Usually when I arrive at a dinner with desert in tow, I unveil some fruit tart or galette. My friends dive in, only to reluctantly ask, “how much butter?”
I love a buttery pie crust. My default recipe is Alice Water’s galette dough from Chez Panise Vegetables, which calls for 3/4 cup of butter. When it comes down to the butter argument, I am firmly pro butter, anti margarine or any ‘butter’ substitute. I find ingredient lists containing partially hydrogenated soybean oil far more frightening than the fat and calorie content of butter.
So yes, butter has become an expectation when I unveil a desert. This explains my friends’ surprise last week when I was able to answer the butter question with a brief “none.”
The clafoutis is an egg custard. Eggs, sugar, flour, milk, plus your choice of stone fruit.
Plums aren’t available in these parts til late summer, so I popped open a jar of plums canned last summer using Food in Jar’s lovely recipe with honey.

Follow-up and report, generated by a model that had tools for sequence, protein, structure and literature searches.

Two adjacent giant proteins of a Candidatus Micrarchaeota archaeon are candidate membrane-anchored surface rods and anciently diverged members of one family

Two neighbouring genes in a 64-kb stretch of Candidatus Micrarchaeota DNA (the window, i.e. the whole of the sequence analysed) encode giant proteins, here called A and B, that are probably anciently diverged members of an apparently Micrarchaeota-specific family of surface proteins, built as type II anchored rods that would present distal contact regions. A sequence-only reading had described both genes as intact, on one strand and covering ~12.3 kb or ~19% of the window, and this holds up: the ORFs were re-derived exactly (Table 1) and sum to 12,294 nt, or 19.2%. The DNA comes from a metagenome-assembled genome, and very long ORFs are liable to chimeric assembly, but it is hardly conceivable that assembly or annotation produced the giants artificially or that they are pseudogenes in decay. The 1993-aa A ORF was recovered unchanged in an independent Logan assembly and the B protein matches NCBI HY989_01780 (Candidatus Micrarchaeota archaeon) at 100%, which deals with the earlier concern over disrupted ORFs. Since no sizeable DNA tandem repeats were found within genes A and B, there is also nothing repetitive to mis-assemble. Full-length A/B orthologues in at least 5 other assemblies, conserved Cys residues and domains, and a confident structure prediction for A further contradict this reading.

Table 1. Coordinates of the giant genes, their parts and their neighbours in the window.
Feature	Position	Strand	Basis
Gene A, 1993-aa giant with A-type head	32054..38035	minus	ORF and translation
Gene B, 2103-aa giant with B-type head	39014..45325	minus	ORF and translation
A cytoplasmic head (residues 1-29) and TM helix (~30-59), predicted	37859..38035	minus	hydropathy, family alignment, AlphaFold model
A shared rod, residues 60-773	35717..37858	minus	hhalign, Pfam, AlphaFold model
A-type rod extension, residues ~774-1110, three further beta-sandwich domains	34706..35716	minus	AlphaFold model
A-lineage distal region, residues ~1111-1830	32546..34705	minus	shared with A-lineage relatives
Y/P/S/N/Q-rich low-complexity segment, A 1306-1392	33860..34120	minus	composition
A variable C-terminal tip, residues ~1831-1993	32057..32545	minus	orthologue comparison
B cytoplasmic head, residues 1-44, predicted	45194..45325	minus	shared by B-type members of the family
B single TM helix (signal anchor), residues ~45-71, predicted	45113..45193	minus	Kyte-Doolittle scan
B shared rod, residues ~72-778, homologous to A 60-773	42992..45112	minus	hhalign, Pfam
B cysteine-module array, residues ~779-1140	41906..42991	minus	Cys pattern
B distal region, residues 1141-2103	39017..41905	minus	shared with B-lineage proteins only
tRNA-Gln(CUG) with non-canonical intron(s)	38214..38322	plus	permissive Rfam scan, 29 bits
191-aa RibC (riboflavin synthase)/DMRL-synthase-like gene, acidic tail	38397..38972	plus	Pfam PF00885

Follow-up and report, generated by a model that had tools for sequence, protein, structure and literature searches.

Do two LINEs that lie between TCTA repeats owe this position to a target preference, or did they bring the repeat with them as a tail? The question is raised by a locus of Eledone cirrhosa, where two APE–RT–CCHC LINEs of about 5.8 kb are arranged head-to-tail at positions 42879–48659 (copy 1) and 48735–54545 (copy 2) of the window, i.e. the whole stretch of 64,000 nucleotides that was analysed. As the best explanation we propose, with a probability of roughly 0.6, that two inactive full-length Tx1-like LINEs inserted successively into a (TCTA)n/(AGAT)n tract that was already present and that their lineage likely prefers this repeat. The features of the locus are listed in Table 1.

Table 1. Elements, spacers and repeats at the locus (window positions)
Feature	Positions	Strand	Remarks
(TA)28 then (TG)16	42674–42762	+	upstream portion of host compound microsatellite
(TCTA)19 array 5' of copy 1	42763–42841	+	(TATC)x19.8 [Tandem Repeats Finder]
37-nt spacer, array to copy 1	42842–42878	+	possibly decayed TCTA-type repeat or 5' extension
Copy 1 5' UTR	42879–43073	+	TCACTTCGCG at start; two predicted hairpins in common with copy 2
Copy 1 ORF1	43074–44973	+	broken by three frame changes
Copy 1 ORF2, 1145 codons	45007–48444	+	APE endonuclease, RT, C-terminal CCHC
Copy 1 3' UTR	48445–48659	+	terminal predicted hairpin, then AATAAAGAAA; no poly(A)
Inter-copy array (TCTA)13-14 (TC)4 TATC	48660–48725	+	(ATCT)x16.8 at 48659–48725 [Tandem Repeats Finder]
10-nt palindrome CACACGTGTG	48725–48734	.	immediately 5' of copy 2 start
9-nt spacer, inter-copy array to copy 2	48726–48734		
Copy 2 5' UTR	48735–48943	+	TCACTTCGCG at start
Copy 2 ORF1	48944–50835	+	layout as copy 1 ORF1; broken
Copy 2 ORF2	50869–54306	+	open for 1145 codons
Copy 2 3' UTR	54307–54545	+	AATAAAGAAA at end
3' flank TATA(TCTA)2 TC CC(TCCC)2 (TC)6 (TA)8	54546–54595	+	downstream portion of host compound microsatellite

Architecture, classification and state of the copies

I added a bit of cardamom when they were canned, which gave the plums a bit of spice and earthy flavor. In my first experiment, I used a handful of whole cardamom pods. I was concerned when the pods swelled up in the jars over the first few weeks. So, I *had* to open the jars and pour them over ice cream. They were lovely, but I was glad that I opened them early on, as the plums were strongly spiced. Next time, I crushed 3 pods with a mortal and pestle for each jar.
- 5-6 plums, halved
- 3 eggs
- 1 cup milk
- 1 1/2 tsp vanilla
- 1/3 cup granulated sugar
- 1/2 cup flour
- 1/2 tsp salt
Preheat oven to 350F. Lightly butter a 9″ pie dish. Scatter the plum halves in the dish. In a medium bowl, mix the eggs and sugar. Slowly pour the milk in, still mixing. Add the vanilla and salt, mix until color is even. You can sift the flour into the mixture, or just add in small amounts, mixing as you go. Once the flour has been worked in, slowly pour the batter of the plums. You’ll notice the plums will move and float.
Remove from oven and allow to cool to room temp, about an hour. The edges that have swelled will settle in, and the custard will be set, not jiggling.
And there you go, a rich desert, with no butter!